So, what are the healthcare industry’s next steps for executing these goals? In order to realize the full potential of digital health, every stakeholder in the healthcare ecosystem must cooperate to develop shared governance, taking into account healthcare infrastructure, data stewardship and collaboration needs. Most urgently, we must ensure equitable access to digital health resources through appropriate reimbursement and coverage paths. If we can deliver on these promises, we can keep provider, payer, pharma and policy-maker motivations aligned and change healthcare for the better.

Read the full discussion paper from the National Academy of Medicine.

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Reducing Clinician Burnout: The Power of Using Digital Tools Effectively

It's no secret that health systems are feeling strained, with 47% of physicians experiencing symptoms of clinician burnout.1 An overwhelming amount of clinical data, jam-packed days with little time to connect with patients, and a lengthy list of responsibilities are leaving healthcare professionals feeling drained.

Clinician exhaustion can lead to reduced job satisfaction, increased turnover, and a decrease in the quality of care provided to patients. But burnout isn’t only harmful to teams — it can also cause financial strain on health systems. According to a study by the Annals of Internal Medicine, clinician exhaustion accumulates approximately $4.6 billion in costs due to turnover and reduced clinic hours.2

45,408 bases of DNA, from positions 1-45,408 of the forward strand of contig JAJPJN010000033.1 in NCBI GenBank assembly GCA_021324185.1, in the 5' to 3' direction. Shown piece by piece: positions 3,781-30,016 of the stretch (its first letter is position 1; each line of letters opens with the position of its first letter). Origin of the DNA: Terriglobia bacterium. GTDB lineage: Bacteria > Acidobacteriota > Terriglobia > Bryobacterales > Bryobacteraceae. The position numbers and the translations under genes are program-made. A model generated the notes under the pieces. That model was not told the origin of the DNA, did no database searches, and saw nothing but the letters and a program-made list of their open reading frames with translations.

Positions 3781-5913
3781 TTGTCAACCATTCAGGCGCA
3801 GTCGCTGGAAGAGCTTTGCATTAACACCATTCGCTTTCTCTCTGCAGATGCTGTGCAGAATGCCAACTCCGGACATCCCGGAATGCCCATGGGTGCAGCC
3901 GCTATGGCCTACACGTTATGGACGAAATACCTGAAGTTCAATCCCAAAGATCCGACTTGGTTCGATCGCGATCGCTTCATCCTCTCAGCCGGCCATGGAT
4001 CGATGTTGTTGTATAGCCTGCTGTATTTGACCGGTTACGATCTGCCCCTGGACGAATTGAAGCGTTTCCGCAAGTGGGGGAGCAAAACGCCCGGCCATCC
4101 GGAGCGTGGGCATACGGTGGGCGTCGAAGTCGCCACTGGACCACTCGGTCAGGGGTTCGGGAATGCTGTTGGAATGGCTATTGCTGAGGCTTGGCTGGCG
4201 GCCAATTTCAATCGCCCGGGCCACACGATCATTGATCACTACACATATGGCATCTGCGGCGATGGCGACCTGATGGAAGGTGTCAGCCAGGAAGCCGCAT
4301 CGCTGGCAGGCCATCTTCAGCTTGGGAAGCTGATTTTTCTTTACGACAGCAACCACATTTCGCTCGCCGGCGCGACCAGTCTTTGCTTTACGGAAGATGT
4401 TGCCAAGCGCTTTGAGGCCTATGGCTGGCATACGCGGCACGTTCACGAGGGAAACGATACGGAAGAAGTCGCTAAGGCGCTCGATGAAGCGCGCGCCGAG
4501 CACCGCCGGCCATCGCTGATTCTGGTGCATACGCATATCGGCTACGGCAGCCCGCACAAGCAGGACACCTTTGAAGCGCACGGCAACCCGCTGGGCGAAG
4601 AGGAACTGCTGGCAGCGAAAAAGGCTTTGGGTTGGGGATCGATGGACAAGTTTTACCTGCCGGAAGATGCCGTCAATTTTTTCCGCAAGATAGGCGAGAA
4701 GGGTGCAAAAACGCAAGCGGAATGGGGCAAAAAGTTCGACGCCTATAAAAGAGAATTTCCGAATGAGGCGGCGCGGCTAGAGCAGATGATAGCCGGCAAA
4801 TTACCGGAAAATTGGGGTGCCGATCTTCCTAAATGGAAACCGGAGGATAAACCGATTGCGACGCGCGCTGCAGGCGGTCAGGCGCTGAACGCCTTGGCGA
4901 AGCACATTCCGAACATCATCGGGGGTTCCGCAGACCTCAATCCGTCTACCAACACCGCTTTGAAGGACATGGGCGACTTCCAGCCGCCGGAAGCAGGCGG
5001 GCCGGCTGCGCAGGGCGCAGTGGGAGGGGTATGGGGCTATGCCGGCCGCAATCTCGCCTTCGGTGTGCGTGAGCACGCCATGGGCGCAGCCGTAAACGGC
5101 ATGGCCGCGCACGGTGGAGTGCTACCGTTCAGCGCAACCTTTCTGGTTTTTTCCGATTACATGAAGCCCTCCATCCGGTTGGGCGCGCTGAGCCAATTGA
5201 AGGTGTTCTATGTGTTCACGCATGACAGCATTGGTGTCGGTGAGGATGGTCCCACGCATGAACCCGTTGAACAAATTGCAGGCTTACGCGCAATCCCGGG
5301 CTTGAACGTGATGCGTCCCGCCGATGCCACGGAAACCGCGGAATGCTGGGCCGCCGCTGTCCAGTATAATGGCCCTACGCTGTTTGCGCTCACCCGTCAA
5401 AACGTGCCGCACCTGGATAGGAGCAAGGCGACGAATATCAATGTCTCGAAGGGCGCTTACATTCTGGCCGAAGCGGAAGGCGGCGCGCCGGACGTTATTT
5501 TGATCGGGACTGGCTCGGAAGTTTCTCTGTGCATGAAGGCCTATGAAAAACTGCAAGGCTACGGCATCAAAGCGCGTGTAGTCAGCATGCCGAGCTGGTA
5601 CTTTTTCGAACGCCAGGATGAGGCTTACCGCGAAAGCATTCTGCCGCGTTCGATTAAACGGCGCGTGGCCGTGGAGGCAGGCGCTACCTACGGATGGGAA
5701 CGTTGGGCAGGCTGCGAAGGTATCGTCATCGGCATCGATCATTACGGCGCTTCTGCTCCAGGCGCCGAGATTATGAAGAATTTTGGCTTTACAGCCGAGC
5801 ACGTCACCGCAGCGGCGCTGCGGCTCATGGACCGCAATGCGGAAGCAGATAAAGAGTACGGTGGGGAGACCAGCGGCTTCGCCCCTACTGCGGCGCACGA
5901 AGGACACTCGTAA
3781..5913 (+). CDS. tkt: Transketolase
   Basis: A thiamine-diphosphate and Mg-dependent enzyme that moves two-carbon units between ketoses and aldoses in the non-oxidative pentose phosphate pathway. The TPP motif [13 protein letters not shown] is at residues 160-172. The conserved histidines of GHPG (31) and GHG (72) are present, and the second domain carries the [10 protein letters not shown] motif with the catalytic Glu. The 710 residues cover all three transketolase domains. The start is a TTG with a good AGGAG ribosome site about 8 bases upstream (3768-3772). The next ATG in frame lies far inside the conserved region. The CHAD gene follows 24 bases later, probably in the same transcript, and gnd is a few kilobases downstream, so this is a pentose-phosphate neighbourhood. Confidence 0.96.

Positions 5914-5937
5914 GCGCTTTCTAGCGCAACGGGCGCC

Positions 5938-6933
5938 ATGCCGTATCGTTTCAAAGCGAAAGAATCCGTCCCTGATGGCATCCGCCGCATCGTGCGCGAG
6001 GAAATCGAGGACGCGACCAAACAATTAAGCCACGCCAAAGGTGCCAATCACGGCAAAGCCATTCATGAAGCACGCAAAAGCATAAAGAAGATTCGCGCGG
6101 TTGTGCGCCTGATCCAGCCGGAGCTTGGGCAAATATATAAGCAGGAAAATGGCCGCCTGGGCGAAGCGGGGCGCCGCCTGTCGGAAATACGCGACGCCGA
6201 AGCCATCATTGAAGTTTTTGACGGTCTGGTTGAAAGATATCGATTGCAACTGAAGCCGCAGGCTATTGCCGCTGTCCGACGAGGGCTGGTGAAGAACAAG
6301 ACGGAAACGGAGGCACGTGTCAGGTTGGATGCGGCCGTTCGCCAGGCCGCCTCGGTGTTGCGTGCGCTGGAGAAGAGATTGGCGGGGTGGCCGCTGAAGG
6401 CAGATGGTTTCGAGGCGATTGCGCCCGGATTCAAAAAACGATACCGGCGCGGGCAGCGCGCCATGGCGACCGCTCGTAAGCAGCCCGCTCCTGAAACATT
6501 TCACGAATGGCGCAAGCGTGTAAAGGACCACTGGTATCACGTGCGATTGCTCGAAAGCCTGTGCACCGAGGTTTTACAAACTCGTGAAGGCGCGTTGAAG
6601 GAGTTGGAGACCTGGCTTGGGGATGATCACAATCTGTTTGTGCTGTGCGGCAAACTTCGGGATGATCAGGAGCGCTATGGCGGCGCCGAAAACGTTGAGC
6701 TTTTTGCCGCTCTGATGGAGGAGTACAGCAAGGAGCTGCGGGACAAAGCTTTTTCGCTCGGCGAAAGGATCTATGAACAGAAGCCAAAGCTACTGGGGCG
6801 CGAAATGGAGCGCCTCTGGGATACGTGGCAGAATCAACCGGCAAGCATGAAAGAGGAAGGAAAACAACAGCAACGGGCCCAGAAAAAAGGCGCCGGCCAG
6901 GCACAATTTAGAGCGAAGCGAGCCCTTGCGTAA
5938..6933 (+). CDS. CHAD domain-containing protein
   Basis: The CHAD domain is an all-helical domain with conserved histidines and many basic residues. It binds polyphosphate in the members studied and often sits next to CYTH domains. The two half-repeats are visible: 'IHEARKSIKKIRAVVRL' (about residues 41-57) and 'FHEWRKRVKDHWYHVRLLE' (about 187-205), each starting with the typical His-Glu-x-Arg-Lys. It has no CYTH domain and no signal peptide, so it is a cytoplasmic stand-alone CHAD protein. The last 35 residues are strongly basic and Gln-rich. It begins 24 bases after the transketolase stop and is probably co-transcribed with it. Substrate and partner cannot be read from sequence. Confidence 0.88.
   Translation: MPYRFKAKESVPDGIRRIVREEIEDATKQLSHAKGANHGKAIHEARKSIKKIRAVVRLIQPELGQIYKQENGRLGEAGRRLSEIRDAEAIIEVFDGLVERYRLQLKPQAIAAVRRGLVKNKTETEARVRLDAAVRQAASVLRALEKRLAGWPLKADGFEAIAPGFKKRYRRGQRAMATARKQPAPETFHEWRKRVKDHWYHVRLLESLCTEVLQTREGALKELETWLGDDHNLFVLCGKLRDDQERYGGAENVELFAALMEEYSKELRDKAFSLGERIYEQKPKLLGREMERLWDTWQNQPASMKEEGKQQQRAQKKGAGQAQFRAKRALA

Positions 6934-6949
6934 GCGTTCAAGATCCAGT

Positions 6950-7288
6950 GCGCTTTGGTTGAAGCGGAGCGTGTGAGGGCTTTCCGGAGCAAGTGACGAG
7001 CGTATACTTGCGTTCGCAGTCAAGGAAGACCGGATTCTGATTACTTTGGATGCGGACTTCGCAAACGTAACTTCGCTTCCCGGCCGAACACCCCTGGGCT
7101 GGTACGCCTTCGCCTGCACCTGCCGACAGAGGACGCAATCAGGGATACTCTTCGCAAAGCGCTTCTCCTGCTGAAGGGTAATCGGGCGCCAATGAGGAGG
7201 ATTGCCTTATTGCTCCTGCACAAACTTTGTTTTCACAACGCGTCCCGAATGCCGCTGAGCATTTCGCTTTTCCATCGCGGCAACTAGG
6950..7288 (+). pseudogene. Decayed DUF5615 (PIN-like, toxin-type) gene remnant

But when health systems use digital tools the right way, they can reduce the risk of clinician burnout and increase patient care coordination.

From 2010 to Today: Happy Birthday, Propeller!

Today marks an incredible milestone: Propeller Health's 13th birthday. What began as a quest to solve a public health problem has turned into a global precision digital health company driving meaningful, measurable change in the industry. 

Recognizing early on that creating value for all parties in health – health systems, clinicians, payers, and pharmaceutical companies – is essential in order to drive sustainable change, we’ve spent the past 13 years pioneering innovative solutions that always keep the patient at the center. Our story is one of hard work, dedication, collaboration, and above all, a mission to uplift every person living with a chronic disease so they can breathe easier, stay healthier, and live better lives. 

Propeller was founded on the heels of a then-mysterious string of asthma attacks in Barcelona in the 1980s. It took 8 years for experts to identify soybean dust – not yet recognized as an allergen – as the trigger. One CDC disease detective envisioned a better way to monitor public health: by using technology to track medication usage and symptoms. With this mission, Propeller was born. 

Coming to AAAAI 2023: Propeller’s latest asthma research

The American Academy of Allergy, Asthma and Immunology (AAAAI) has accepted five abstracts examining the latest data from Propeller Health and ResMed.

Our findings on asthma care, which include analyzing the direct and indirect cost-savings associated with a digital intervention in uncontrolled asthma, will be presented at the AAAAI Annual Meeting on February 24-27. Read brief summaries of each abstract below or click the links to view them online.

Direct and indirect cost-savings associated with a digital intervention in uncontrolled asthma: A literature-based estimate